After my graduation from the University of South Carolina, I moved to Atlanta and worked at Emory University’s School of Medicine for about one year before the terrorist attacks of September 11, 2001, and the subsequent anthrax attacks. The public health responses to those events profoundly impacted me and fueled a long-standing interest I had in working for the Centers for Disease Control and Prevention (CDC). I applied for and was accepted into CDC’s Public Health Prevention Service, a 3-year on the job training program that consisted of 1 year at CDC headquarters and 2 years in a state or local health department (which for me was a local health department in Metropolitan DC, with a focus on bioterrorism preparedness).
During my early career, my primary responsibilities were promotion and education activities, but one of my fellowship rotations was in a policy office – something I knew nothing about at the time but that was critical to my later career path. When my fellowship ended, I moved back to CDC headquarters in Atlanta to a job where I focused on policy, legislative activities, budget formulation, evaluation, and issues management around high-level public health issues. I have since moved throughout CDC working in policy at different levels and in different topic areas like preparedness, global health, and financial resources.
When I first started working at CDC, I never would have anticipated this career path. Being open to new experiences allowed me to develop a broader range of skills than my formal educational training, and led to some very cool opportunities along the way (including HIV/AIDS work in Botswana, H1N1 pandemic response in the Emergency Operations Center, evaluation work in CDC field offices abroad, and many others).
I now consider myself to be in the middle of my career, and have stepped back to part-time work to accommodate family responsibilities. Five key principles have served me well in my career path thus far. I offer these for consideration as you move beyond graduate school and forward in your career.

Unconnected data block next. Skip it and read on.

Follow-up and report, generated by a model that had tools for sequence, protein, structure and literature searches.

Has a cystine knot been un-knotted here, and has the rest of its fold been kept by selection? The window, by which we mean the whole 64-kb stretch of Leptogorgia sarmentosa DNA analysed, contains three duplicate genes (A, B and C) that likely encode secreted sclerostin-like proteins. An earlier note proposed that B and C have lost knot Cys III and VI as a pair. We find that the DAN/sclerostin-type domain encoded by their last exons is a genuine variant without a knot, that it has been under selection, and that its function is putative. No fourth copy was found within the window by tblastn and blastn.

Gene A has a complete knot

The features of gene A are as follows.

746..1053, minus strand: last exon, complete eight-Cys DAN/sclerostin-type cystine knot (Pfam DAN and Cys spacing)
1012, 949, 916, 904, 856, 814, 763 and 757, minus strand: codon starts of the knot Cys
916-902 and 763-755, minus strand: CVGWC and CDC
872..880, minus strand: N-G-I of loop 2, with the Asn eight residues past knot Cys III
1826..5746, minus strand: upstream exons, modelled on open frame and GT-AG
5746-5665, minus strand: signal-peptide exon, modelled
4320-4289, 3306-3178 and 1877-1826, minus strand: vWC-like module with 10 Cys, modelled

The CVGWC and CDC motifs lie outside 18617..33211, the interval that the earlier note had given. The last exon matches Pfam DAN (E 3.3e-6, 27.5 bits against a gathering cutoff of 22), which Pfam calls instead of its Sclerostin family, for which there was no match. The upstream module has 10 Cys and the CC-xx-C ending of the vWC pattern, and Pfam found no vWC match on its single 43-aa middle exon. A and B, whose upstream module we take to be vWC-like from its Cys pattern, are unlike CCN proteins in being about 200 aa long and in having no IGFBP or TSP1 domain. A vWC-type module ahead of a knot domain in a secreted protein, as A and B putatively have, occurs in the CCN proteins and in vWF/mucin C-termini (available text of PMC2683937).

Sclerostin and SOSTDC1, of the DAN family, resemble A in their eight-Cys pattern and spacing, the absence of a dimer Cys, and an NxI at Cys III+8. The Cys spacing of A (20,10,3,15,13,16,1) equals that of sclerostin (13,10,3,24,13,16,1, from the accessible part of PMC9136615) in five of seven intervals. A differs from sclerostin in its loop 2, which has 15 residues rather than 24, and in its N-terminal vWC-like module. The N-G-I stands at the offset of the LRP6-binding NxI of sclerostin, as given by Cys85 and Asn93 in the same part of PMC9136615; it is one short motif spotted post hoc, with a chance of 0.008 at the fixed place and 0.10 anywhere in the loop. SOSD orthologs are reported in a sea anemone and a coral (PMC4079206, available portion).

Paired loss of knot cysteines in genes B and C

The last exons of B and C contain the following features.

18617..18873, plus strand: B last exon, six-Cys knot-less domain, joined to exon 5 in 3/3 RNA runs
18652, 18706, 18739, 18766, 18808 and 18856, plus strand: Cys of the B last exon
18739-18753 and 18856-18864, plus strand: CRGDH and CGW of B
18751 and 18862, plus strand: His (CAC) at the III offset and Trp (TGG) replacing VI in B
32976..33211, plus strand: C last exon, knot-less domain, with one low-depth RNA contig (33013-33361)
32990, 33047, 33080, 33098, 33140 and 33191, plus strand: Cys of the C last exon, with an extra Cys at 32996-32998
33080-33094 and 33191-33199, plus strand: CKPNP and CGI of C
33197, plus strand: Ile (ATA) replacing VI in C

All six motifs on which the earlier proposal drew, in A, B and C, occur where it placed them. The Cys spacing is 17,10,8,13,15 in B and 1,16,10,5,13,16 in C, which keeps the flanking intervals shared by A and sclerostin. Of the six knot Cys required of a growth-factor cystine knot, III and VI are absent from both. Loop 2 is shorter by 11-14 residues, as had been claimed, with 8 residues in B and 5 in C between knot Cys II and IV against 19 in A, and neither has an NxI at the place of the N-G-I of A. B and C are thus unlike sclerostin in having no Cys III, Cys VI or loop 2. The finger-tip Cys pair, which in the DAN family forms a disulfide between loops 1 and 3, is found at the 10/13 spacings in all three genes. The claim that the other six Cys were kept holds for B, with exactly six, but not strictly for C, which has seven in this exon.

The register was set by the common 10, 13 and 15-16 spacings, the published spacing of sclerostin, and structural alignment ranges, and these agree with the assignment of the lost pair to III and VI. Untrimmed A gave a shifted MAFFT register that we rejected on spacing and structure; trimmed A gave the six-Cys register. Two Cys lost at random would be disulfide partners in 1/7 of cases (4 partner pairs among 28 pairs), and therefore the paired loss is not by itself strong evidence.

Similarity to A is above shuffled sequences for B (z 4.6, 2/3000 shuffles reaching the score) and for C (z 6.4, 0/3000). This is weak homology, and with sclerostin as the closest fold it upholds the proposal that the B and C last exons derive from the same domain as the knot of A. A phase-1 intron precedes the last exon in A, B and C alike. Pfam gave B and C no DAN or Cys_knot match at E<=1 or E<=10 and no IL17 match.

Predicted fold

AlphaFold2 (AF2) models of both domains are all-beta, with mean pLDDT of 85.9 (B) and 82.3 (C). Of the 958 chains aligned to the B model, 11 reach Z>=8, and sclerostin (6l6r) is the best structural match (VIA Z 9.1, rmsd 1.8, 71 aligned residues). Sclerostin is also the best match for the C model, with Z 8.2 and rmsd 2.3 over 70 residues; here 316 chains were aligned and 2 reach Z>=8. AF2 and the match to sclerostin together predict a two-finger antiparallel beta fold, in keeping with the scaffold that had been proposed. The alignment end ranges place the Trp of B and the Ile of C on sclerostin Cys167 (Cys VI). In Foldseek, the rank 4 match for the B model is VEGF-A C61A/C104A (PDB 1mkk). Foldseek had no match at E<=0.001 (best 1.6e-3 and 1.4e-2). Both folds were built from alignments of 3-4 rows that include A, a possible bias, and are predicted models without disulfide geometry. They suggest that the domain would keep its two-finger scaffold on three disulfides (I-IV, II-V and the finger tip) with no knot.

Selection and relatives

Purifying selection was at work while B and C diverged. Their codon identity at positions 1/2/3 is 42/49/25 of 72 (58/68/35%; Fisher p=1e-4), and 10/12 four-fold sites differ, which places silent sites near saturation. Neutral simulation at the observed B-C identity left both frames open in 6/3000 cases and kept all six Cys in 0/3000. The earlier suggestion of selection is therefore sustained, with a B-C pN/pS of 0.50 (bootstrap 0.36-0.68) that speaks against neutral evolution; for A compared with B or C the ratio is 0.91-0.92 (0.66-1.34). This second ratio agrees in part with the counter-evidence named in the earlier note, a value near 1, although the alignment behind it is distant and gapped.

- Work hard, have a positive attitude, and earn a reputation as someone who gets things done, even if the tasks are less than you can handle. Someone who is motivated, has a positive attitude, and works hard every day can do great things. Especially at a place like CDC, you will not always be the smartest person in the room, but if you are motivated, quick to learn, and driven to do good work it will be noticed by your colleagues and rewarded (awards, promotions, future work opportunities).
- View your career in a long trajectory. The experiences that you have in your current job may be the reason that someone hires you for a future position. Pick your battles – in both life and at work – and always maintain professionalism in the workplace. You likely won’t have that dream job immediately, but you can take steps to get you there and build up some solid professional experience along the way.
- Make lemonade out of lemons. There will be times in your career (especially in your early career when you have less experience and fewer job offers) where the job may be less than ideal, or where you feel underutilized. Every experience provides something useful to take forward – even if it is how “not to” be a supervisor or conduct a meeting. Take those nuggets and look to the next experience that will be better.
- Find your champions and nurture those relationships. Perhaps this is a faculty advisor, or a supervisor, or a colleague you respect, or even a peer that you connect with. You will be better suited for the long haul if you have people who can give you advice, be blunt about their assessments of your strengths and weaknesses, and can talk you through challenges. Formal mentor relationships are great, but so are more informal connections you will develop over time. Work is always more fulfilling and enjoyable if you have a “family” of people who care about you, your well-being, and your career growth.
- Trust your gut and take a few risks. Graduate school and the years following can be overwhelming with the number of big decisions to be made, but trust your instincts and go with what feels right at that time, and maybe even take a risk to step outside of your comfort zone. You never know where this will lead you, and you can take comfort knowing that most any decision is reversible if it ends up not being the right fit.
After your graduate education, doors will be open to you that may have been previously closed…so soak up all you can while you are in school, and then go out into the world ready to work hard and make a difference in whatever capacity you can.
Rachel (Kreh) Nelson, MPH, is a 1999 graduate of the Arnold School of Public Health at the University of South Carolina. She currently serves as a Public Health Analyst in CDC’s Office of Financial Resources.
Questions? Comments? Ideas? Email GRADprofdev@sc.edu.